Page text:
4. I loved this idea when you posted about it last year and this year I made the following list of winter- or Christmas-themed books for our Advent countdown. Some might be a little long for our kids but we’re going to give it a shot…

    1. Christmas in the Big Woods (Little House Picture Book), inspired by the books by Laura Ingalls Wilder
    2. The Snowy Day, by Ezra Jack Keats
    3. Olivia Helps with Christmas, by Ian Falconer
    4. Owl Moon, by Jane Yolen
    5. Jolly Christmas Postman, by Allan Ahlberg
    6. Winter Poems, selected by Barbara Rogasky (we’ll just read a few)
    7. Snowmen at Night, by Caralyn Buehner
    8. The Mitten, by Jan Brett
    9. Madeline’s Christmas, by Ludwig Bemelmans
    10. The Most Perfect Snowman, by Chris Britt
    11. Polar Express, Chris Van Allsburg
    12. Llama Llama Holiday Drama, Anna Dewdney
    13. Bear Stays Up for Christmas, Karma Wilson
    14. Gingerbread Baby, by Jan Brett
    15. King Island Christmas, by Jean Rogers and Rie Munoz
    16. A Night of Great Joy, by Mary Engelbreit
    17. The Huron Carol, by Fr. Jean de Brebeuf, illustrated by Ian Wallace
    18. The 12 Days of Christmas, by Greg Pizzoli (there are many versions of this, but I really like Pizzoli’s illustrations)
    19. The Little Reindeer, by Nicola Killen
    20. Walk This World at Christmas, by Debbie Powell
    21. The Night Before Christmas, by Clement C. Moore, illustrated by Mary Englebreit (obviously there are many versions of this, but I really like this illustrator)

    1. @Robin – great list! I love The Snowy Day (not just at Christmas – could be any winter time!) and I may check out the Olivia one, because we have a little Olivia fan around here.

  5. I loved “Christmas in the Manger” which is a board book about the Nativity story. We also have some anthologies that include carol lyrics that are really nice.

  6. Two that we read every year (even though they are very different from each other!):

    “Little Drummer Boy” by Ezra Jack Keats and “Junie B. Jones, Jingle Bells, Batman Smells…” by Barbara Park.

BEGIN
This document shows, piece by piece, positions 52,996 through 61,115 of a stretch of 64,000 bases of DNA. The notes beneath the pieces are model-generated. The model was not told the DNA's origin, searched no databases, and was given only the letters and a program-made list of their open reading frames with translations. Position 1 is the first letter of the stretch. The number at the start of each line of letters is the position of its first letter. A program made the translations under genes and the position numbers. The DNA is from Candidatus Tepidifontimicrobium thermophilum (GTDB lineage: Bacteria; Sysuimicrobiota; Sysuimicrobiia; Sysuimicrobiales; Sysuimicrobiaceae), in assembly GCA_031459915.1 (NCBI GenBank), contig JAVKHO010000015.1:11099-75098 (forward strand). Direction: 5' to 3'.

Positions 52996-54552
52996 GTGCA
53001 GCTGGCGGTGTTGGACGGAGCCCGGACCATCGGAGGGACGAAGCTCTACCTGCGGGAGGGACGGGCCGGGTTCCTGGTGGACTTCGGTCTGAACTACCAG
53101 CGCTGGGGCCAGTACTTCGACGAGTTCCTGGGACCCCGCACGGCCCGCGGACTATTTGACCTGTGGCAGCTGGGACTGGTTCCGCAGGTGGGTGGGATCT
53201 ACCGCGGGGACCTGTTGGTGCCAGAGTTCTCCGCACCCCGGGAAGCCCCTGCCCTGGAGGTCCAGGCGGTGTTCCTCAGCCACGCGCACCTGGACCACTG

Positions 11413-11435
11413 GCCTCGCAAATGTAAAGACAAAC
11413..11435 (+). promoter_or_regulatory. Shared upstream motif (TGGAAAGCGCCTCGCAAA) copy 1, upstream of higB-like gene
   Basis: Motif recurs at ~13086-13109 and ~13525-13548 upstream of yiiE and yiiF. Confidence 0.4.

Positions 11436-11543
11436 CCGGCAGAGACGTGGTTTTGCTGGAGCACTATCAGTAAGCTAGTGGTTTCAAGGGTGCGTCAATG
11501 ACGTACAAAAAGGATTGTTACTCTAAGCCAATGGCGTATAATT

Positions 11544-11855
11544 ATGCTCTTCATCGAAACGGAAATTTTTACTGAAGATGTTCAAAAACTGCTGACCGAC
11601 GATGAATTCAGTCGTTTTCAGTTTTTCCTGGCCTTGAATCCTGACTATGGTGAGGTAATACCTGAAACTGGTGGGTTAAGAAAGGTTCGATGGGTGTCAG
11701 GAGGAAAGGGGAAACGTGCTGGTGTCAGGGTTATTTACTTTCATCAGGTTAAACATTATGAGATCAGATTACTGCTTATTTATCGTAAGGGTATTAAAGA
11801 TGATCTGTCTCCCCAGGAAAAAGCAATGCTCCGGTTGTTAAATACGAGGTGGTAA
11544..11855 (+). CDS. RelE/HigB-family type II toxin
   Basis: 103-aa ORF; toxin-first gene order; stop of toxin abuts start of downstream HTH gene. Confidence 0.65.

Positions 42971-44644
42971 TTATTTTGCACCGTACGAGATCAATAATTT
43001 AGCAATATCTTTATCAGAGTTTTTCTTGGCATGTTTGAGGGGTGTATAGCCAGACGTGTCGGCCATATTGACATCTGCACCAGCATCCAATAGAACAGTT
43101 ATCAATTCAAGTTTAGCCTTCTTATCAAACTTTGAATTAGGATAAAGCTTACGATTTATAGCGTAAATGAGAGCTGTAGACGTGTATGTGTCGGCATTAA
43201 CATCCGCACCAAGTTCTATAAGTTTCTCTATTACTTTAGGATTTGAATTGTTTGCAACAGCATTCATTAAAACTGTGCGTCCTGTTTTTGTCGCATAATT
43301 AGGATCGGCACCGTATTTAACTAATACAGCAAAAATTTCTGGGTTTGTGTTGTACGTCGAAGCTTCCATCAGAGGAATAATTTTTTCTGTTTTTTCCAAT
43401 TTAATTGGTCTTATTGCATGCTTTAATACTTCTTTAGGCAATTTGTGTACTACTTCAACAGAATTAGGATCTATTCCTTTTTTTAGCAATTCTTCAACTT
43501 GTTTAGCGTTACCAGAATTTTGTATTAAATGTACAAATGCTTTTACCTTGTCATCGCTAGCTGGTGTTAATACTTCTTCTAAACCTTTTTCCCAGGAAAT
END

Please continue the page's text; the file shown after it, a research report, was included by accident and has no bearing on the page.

7. I was seriously dragging my feet about finishing the wrapping for these today and my mom offered to help, which made it much faster 🙂 I also found I had more than expected though I know which one I will cull before next year – I have already wrapped it so won’t worry about it now.

    I generally buy 4 new books each year so the ones on the 1st, 18th, 24th and 25th are new. (My daughter’s birthday dates, plus Xmas Eve and Day). I tend to buy two winter or holiday ones and two regular good picture books for the other as I don’t really want a HUGE library of holiday books.

    Our favorites: Olive the Other Reindeer, Lemonade in Winter, Jack Frost, All the World (not holiday but I love the illustrations SO much).

    New this year: This is Not my Hat, Goodbye Autumn Hello Winter, Snow, and I can’t remember the 4th 😉

    WRT family traditions, since the book on the 1st is a new one, we do “December pajamas” and I plan to give them out on 11/30. This and the Book Advent are a nice way to spread out the holiday gifts a little more too, so Christmas Day isn’t as overwhelming and things can be appreciated a bit more 😀

  8. OH! And the best one of the bunch is a book my mom brought with her to Thanksgiving – it was mine as a child called “The Joys of Christmas”, about how different countries celebrate Christmas. I thought it was gone forever but she found it! And I couldn’t remember the title to find it on Amazon though I’ve looked every year since I had a kid 🙂 So that was hugely exciting. (for me, anyway…)